The American Spirit Dance Company Spring Show, Hot Shoe Shuffle, is a two-act Broadway revue.
The show includes 24 dances, featuring tap, jazz and music theater dance styles.
“Tap lovers rejoice because there are a ton of amazing tap numbers in this fast-paced show,” said Grace Kidder, dance performance sophomore. “We also have upbeat musical theater pieces, soulful lyrical dances and fierce jazz numbers, so there’s something for everyone.”
There are four performances:
– 7 p.m. March 10,
– 8 p.m. March 11 and
– 2 p.m. and 8 p.m. March 12.
The show is in Kirkpatrick Auditorium in Kirkpatrick Fine Arts Center. Tickets are $21, with reserved seating.
There are two casting arrangements of the company, so different students will perform the same numbers on separate nights.
“We have people double cast so they learn to share,” said Jo Rowan, chairman of the Ann Lacy School of American Dance & Entertainment and director and founder of the American Spirit Dance Company.
“Somebody will usually be better than someone else. We want them, in a loving manner, to help the other person, not to get a built in feeling of competition. To teach them with actions, not words, to be generous.”
Lighting, costumes and props are designed by students and overseen by faculty. All light and sound boards are operated and programmed by students. The show will use 68 moving lights.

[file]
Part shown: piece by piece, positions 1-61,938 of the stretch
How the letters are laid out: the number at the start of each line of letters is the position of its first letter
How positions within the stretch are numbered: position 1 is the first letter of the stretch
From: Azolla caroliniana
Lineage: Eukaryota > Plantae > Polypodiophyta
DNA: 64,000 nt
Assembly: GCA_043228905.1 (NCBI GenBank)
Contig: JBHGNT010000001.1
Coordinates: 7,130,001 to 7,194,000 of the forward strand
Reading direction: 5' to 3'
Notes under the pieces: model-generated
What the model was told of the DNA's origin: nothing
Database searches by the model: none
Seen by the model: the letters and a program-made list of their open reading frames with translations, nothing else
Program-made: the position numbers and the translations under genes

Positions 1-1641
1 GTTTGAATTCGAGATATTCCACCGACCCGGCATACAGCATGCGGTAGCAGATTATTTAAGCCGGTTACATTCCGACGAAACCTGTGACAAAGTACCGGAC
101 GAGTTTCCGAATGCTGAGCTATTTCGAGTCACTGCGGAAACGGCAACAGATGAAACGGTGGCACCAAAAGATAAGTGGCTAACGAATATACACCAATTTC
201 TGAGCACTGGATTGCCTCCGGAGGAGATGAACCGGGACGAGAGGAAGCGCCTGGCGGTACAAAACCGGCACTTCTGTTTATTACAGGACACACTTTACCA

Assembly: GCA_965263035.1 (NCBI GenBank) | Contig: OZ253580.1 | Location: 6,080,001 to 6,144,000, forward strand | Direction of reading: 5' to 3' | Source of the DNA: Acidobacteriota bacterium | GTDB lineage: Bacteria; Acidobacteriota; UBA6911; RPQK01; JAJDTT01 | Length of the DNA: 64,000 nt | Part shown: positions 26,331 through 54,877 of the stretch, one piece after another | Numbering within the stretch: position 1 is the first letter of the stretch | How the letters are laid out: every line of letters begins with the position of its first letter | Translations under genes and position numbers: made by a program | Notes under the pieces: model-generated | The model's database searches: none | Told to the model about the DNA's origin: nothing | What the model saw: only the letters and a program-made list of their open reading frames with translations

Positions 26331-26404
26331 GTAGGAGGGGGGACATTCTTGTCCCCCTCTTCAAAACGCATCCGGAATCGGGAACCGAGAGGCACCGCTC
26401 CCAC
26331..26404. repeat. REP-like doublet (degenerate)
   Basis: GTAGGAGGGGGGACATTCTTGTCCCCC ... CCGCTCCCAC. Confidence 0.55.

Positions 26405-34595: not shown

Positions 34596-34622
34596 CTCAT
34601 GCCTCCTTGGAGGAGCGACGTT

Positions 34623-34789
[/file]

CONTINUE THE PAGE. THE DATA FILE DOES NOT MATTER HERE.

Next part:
“We use state-of-the-art equipment, including sound and light boards that you will find in Broadway shows,” Rowan said.
“Dance is a visual art with movement. It only makes sense to have lights that compliment the dancers.”
Dean John Bedford serves as the producer and sound designer of the show. He also teaches students to run the sound board, said Carla Richard, alumna and company and stage manager.
Costumes are created by students, under the direction of Jessica Telfer, costume shop foreman. Students run the process, from fittings to sewing and bedazzling.
“There are no costume change problems. That has to do with management,” Rowan said. “So we are not only creative, as you will soon see, but we are right- and left-brained. The people know what they’re doing.”
The dancers are challenged in the same way an Equity contract would challenge them, Rowan said. They run rehearsals like an equity company, with equity hours, and students are expected to meet equity standards.
“We try to give them a stake in being superior,” Rowan said. “You can’t be an average artist and earn your living in the business. You have to be desirable.”
Tickets can be purchased at the Performing Arts Ticket Office or online at www.okcu.edu/ticketoffice.